The "mental glitch" question!

What causes one to have what I can best describe as “focused mental glitches” that cause me to make mistakes or freeze up? This “mental glitch” or self-consciousness (which is hard to describe) happens when I am playing, practicing, or reading a piece, and my mind shifts in a different way to “think” about what I am doing.
I cannot be the only one this happens to.
I can be doing just fine (for example practicing scales and working on velocity or chord progressions, playing a piece of music, etc.) and when I begin to “think/question” (obviously we all need to think when we play the piano but . . . ) or focus in, it causes me to stumble. I don’t know exactly what changes, but suddenly I think, “Do I really know what I am doing or where I am in this process?” and it always causes me to fumble. It also happens when I am reading a piece and know what comes next but fumble when the focus changes, maybe zeros in, or my mind begins to question what I am doing. Is there some way to overcome what I can best describe as self-consciousness or whatever it is that happens? How does one redirect the focus before the mistake happens? How/where do I control my mind and where do I focus it?
Thank you for any help you can give me. I find this phenomena very frustrating. I don’t think it is the same as stage fright.

1 Like

Hello, @noreen,

This “mental glitch” is a condition that is rarely discussed, but I believe happens to many beginning pianists. The explanation I heard, from an experienced instructor, is that your mind wanders to some other topic and therefore you lose focus on playing/practicing the piano. Note that the root cause is not that you question what’s required by the piece or practice item, but that you think of an unrelated subject (e.g., “What will I have for supper?”, “I really should sweep this floor.”, “Whose fingerprints are on my piano!”). When your mind is drawn back to the piece/practice item, for a second (or two), you have to re-focus and therefore it feels that you’ve fumbled on the piano, but in reality you just lost focus on the task at hand.

This happens to me constantly. It take some effort to hold focus on one task (particularly when it’s something that must be endlessly repeated: scales, arpeggios, &c). Try breaking the piece/practice item into smaller chunks.

Hope that helps,
Peter

2 Likes

Hello Peter,
Thank you for replying to my question. The next time this happens, which happens a lot since I practice and play a lot, I will try to analyze if I let the laundry list creep into my mind.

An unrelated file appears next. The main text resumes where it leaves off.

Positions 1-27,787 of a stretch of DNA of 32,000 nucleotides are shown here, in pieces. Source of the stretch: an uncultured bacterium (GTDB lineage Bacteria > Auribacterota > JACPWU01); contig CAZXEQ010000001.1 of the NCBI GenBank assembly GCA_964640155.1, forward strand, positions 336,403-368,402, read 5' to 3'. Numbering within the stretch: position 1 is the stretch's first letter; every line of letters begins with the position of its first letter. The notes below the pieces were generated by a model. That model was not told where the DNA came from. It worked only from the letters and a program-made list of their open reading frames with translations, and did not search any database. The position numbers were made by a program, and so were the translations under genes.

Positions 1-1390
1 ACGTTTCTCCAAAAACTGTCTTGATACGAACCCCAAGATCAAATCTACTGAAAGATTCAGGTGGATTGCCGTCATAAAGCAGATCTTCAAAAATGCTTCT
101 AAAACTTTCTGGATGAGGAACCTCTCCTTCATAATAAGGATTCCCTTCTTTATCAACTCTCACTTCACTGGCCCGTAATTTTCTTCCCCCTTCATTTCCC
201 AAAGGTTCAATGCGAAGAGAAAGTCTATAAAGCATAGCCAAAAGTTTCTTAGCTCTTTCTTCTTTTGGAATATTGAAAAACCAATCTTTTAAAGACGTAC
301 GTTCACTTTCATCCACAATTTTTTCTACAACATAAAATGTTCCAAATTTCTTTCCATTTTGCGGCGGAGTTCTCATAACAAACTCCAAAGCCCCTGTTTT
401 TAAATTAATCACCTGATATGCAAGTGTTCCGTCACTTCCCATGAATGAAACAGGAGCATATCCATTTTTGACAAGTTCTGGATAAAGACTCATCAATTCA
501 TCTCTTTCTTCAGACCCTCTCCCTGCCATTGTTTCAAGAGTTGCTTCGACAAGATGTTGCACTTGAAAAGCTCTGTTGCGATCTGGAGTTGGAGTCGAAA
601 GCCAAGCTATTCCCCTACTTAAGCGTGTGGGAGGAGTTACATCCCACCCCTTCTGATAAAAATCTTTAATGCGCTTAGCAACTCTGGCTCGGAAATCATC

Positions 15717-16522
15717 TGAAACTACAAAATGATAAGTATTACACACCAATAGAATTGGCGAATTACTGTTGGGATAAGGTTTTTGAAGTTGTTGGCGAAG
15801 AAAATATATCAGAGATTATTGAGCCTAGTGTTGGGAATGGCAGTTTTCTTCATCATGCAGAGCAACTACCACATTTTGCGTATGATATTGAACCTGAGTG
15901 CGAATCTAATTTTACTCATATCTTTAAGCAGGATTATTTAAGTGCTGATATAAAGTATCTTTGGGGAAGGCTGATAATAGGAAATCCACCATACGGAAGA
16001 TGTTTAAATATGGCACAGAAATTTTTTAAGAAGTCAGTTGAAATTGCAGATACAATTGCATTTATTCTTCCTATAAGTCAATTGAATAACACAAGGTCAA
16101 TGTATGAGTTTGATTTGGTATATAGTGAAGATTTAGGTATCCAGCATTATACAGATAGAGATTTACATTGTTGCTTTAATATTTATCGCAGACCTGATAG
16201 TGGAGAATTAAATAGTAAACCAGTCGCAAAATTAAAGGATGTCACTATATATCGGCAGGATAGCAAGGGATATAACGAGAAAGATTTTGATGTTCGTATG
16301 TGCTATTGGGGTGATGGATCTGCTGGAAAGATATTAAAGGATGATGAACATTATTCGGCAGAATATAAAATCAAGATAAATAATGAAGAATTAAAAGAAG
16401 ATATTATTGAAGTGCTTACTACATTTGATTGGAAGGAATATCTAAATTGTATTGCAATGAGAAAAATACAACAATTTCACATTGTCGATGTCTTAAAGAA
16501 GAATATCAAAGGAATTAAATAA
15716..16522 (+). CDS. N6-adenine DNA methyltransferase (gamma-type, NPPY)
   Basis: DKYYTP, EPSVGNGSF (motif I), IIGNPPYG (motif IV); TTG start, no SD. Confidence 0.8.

It feels more like a shift TO focus rather than AWAY from focus, but I will be more aware of what actually is happening.
There is “playing in the zone” - sports and music - that I have experienced and would like to be able to move to that zone quicker with my piano playing. If anyone has any suggestions, let’s hear them all. I have listened to some of the online “experts” who promise to teach someone how to play in the zone, but they have not enlightened me, sorry to say.

I will keep plonking away. (I have been playing off an on for many years so am not a beginner by any means, but . . . maybe I still have beginners’ problems.)
As QEII says, “Stay calm and carry on!”

1 Like

Hi, Noreen,

One book on the subject is The Inner Game of Music by Barry Green and W. Timothy Gallwey.

Each individual will have their own method that works best. I find that I have better focus if I slow the tempo and pay attention to listening: the texture of the chords & melody; the beat, the rhythm, &c. My big problem is memory: I need hundreds of repetitions to drive into my head the requirements of a technical exercise or a piece. All those repetitions often leads to the mind wandering, hence the need for slow tempo and genuine listening.

Remember to have fun,
Peter

1 Like

Dear Goforasong,

Thanks for your reply.

Memory - ah, that tricky brain that wants to wander!

One technique I have figured out that helps is that since I am often away from the piano or keyboard, I must do a lot of what I am learning in my head. I find that if I can start with naming at least the first 4 bars of the LH chord progressions in a piece and visualizing and saying where the notes in the RH hand begin for in the first 4 bars along with running the melody in my head when I am away from the piano , half the work is done.

It may sound complicated but it is not that hard because you are not trying to memorize the entire piece.

Example: Alice in Wonderland

LH:
Measures 1, 2, 3 = D-7, G7, C M7 = that is a ii,v,i progression - D
Measure 4, 5, 6, 7=FM7, Bm7, E7, Am7, Eb7 more 2,5,1 progressions and so on.

RH:
Measure 1= starts on G,
Measure 2 starts on G to F
Measure 3 starts on E to C

I hum the melody in my head and try to visualize where my RH hand must go.

The A and B sections repeat themselves in most instance, so I try to do that for each section.

If I can say that much, then I can often remember the song when I want to play the piece.

You may be way beyond these simple steps, but it might help someone else.

This is brain training for me instead of counting sheep to fall asleep.

Thanks for your response to me.

N